A group calling itself the Tehrik-e-Taliban Punjab claimed responsibility for the attack in a Turkish-language statement posted on jihadist websites. The group was quoted as saying that the attack targeted “the nest of evil” in Lahore and was a “humble gift to the mujahideen suffering attacks from Pakistani forces in Swat.” One person, identifying himself as Hakimullah Mehsud, a deputy to Baitullah Mehsud, called the BBC and said that the attack was in retaliation against the operation in Swat valley. He also threatened similar attacks in other cities.

The question of the efficacy of the security forces and intelligence agencies has also been questioned, especially given that the interior minister had already informed the Punjab government and the Lahore police of a possible attack on the ISI building at least one month before the attack. On April 18, the interior ministry wrote a letter to the Punjab home department about the suspicious activities of one Rana Afzal near the ISI headquarters. A recommendation was given that security in the area should be beefed up and the activities of Rana Afzal should be closely monitored. According to the former interior minister Aftab Khan Sherpao, Pakistani security forces should have been better prepared given the military operation. “This attack is the result of a security lapse. That’s why so many people died. The police should be ready to face the terrorists.”

Over the past few years, Pakistan’s police force has been thrust into the frontlines of the war on terror, as the hunt for terrorists has become a police operation inside the urban centres of the country, as well as a military war fought near the Afghan border and FATA. But former interior minister Lt General (retd.) Moinuddin Haider feels that the police is not up to the task. “The police force in Pakistan neither has the capacity nor the training or resources to combat terrorism. They are fighting this war against terrorism without the proper equipment and skills.” Along with providing resources and training to the police force, he said, “We will also have to develop a very sophisticated intelligence network to fight terrorism.”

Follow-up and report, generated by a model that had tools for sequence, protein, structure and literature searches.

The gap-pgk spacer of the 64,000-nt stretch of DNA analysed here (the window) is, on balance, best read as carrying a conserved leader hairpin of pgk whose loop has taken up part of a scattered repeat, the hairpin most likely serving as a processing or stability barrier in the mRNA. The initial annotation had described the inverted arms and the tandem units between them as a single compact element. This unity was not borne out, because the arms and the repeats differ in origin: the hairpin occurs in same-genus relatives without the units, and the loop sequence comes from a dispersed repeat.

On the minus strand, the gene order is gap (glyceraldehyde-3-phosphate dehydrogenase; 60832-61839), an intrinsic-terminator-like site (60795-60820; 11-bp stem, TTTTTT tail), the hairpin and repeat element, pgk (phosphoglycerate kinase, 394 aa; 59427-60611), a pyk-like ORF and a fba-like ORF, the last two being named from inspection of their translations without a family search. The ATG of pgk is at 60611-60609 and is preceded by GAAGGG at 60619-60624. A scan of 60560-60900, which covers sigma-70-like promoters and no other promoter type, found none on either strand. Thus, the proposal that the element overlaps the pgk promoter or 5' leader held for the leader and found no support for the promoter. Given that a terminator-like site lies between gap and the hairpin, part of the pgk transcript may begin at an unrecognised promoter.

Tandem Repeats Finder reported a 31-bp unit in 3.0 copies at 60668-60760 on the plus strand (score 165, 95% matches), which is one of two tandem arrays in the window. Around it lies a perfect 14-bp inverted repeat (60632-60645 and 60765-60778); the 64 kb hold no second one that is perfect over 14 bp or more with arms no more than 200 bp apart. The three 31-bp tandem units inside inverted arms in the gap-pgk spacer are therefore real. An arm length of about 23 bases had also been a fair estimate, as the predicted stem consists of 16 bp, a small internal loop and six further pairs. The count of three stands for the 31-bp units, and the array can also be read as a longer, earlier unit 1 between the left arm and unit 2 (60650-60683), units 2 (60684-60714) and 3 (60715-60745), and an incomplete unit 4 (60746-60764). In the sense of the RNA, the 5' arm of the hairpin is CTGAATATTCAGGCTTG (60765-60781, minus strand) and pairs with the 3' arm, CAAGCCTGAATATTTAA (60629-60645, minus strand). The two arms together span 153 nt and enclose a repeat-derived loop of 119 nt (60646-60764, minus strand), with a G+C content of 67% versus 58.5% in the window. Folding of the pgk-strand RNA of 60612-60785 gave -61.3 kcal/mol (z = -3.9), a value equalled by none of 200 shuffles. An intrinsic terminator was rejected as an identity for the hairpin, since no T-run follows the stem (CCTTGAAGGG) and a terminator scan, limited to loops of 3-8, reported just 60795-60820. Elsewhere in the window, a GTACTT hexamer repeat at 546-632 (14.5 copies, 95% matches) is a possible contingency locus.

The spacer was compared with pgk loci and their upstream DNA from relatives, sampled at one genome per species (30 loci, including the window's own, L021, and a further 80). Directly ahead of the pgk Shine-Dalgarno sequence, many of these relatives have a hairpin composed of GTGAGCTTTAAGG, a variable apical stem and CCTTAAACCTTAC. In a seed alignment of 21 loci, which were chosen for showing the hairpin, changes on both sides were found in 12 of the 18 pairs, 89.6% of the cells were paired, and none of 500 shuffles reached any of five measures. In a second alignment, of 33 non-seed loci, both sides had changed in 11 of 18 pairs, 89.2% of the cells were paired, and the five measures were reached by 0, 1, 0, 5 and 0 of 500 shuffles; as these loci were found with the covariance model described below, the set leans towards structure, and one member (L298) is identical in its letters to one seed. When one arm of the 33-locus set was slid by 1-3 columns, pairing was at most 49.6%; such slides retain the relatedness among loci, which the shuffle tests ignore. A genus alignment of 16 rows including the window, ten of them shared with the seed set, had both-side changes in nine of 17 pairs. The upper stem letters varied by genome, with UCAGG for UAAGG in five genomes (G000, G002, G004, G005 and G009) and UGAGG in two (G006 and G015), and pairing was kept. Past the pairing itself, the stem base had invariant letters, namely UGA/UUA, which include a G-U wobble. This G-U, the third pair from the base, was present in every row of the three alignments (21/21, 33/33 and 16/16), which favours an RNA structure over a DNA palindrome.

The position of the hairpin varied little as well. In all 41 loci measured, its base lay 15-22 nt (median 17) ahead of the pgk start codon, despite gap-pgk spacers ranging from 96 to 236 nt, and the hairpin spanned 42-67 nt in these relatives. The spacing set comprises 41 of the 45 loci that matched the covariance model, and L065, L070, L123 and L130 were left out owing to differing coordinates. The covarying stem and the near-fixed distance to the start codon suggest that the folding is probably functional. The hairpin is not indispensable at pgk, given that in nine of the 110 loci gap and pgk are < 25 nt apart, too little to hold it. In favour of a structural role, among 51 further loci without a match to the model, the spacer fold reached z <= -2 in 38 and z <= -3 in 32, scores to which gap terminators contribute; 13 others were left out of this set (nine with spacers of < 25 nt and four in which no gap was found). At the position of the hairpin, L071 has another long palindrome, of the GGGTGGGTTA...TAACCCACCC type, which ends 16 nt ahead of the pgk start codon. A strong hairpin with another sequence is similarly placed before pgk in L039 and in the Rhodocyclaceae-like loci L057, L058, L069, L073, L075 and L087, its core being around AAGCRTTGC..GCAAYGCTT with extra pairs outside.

Police officials admit that the task is a difficult one. A senior official of the National Police Bureau, speaking on condition of anonymity, said, “The terrorists consider the police as a symbol of the state and are targeting them like never before. In 2005, there were 113 attacks on the police in different parts of the country in which nine policemen had been killed, but the number of attacks soared to 1,820 in 2008. The death toll [of the policemen] alone was 575 in these attacks.” He also added that the terrorists are better-equipped and better-trained than the police. “Financing is available to them and their morale is quite high.” According to him, of the 380,000-strong police force in Pakistan, only the elite force (which is only a few thousand) is trained enough to fight the highly skilled terrorists.